Quality of life and survival advantage with LVRS

Pulmonary & Respiratory Medicine

ISSN: 2161-105X

Open Access

Quality of life and survival advantage with LVRS

International Conference on Pulmonary & Respiratory Medicine

October 29-31, 2012 DoubleTree by Hilton Chicago-North Shore, USA

James D. Maloney

Accepted Abstracts: J Pulmon Resp Med

Abstract :

T he National Emphysema Treatment Trial (NETT) demonstrated improved pulmonary function, quality of life and survival advantage with LVRS. The study was instrumental in defining the population that is most likely to benefit from LVRS. The preponderance of data published related to surgical LVRS analyzes the NETT data, which stopped accrual in 2002, a decade ago. While recent LVRS studies are limited, morbidity and mortality have been demonstrated to be consistently lower than that demonstrated in the NETT. Despite evidence based consensus that LVRS is effective in improving lung function in defined patients with emphysema, limited numbers are performed yearly in the United States. The dominant belief held among pulmonologists is that the high risk of the procedure outweighs the benefits. This perception therefore influences physician and patient preferences regarding alternative therapies. While national lung transplant numbers have gradually increased, they do not match the burgeoning population of patients with advanced lung disease. Organ supply is inherently limited and changes to the allocation system further decrease transplant opportunities for emphysema patients. COPD is no longer the most common indication for lung transplant as the scoring system favors patients with fibrotic lung disease for whom transplantation is life saving. As the priorities for lung transplant candidates shift, our institution became more aggressive in offering LVRS to appropriate patients with emphysema. We currently account for over 10% of the national yearly volume of LVRS based on the Society of Thoracic Surgeons (STS) database. In the following, we discuss our institutional results, comparison with data from the STS database, and comparison with existing interventional approaches to lung volume reduction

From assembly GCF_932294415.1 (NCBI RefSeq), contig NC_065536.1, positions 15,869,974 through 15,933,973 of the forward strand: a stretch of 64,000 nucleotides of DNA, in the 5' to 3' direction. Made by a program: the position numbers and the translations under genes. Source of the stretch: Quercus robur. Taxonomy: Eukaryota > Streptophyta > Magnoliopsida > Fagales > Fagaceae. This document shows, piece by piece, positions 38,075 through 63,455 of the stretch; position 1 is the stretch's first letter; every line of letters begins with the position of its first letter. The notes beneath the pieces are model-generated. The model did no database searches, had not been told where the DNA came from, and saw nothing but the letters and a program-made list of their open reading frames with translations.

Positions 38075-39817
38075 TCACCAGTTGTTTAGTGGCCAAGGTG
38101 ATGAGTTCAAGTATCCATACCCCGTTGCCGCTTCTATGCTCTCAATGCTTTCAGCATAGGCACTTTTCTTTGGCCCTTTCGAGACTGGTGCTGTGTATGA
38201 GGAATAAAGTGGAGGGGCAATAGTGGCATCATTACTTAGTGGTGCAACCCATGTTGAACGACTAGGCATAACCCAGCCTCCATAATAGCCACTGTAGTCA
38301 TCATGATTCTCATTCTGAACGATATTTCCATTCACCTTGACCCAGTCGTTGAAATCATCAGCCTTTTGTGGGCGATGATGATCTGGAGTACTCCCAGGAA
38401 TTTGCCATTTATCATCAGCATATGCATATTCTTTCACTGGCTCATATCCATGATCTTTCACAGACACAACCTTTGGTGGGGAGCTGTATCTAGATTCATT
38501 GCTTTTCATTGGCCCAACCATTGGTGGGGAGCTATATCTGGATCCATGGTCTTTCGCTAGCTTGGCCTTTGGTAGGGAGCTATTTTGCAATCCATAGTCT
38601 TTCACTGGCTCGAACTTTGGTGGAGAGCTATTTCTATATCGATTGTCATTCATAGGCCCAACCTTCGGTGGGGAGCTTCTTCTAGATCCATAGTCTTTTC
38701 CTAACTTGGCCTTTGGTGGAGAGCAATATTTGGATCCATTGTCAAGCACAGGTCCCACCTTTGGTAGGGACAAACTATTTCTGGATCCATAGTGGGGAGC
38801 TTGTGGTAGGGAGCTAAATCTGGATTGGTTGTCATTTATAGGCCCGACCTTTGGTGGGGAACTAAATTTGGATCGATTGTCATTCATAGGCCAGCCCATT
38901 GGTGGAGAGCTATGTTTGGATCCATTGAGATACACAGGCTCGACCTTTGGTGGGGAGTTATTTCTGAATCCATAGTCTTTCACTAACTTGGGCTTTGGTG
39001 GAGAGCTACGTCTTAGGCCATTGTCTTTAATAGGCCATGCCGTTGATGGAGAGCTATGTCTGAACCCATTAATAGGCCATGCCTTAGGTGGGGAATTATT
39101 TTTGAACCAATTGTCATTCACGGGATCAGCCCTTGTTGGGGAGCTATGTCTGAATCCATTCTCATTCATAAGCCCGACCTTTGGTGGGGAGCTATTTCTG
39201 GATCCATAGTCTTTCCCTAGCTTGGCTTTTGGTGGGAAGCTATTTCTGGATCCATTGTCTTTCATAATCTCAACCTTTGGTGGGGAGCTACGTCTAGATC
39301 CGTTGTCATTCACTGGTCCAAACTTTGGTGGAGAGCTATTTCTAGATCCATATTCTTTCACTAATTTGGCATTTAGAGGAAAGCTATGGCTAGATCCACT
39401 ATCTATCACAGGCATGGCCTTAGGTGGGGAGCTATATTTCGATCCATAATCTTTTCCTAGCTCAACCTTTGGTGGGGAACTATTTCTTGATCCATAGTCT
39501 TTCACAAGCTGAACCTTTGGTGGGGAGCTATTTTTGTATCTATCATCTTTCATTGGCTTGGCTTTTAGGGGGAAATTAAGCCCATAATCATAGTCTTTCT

Biography :

Maloney has a dual appointment as Associate Professor in the Departments of Surgery and Medicine at the University of Wisconsin, Madison. He is the Surgical Director of the Advanced Lung Disease Program and a member of the Veterans Affairs National Transplant Advisory Board

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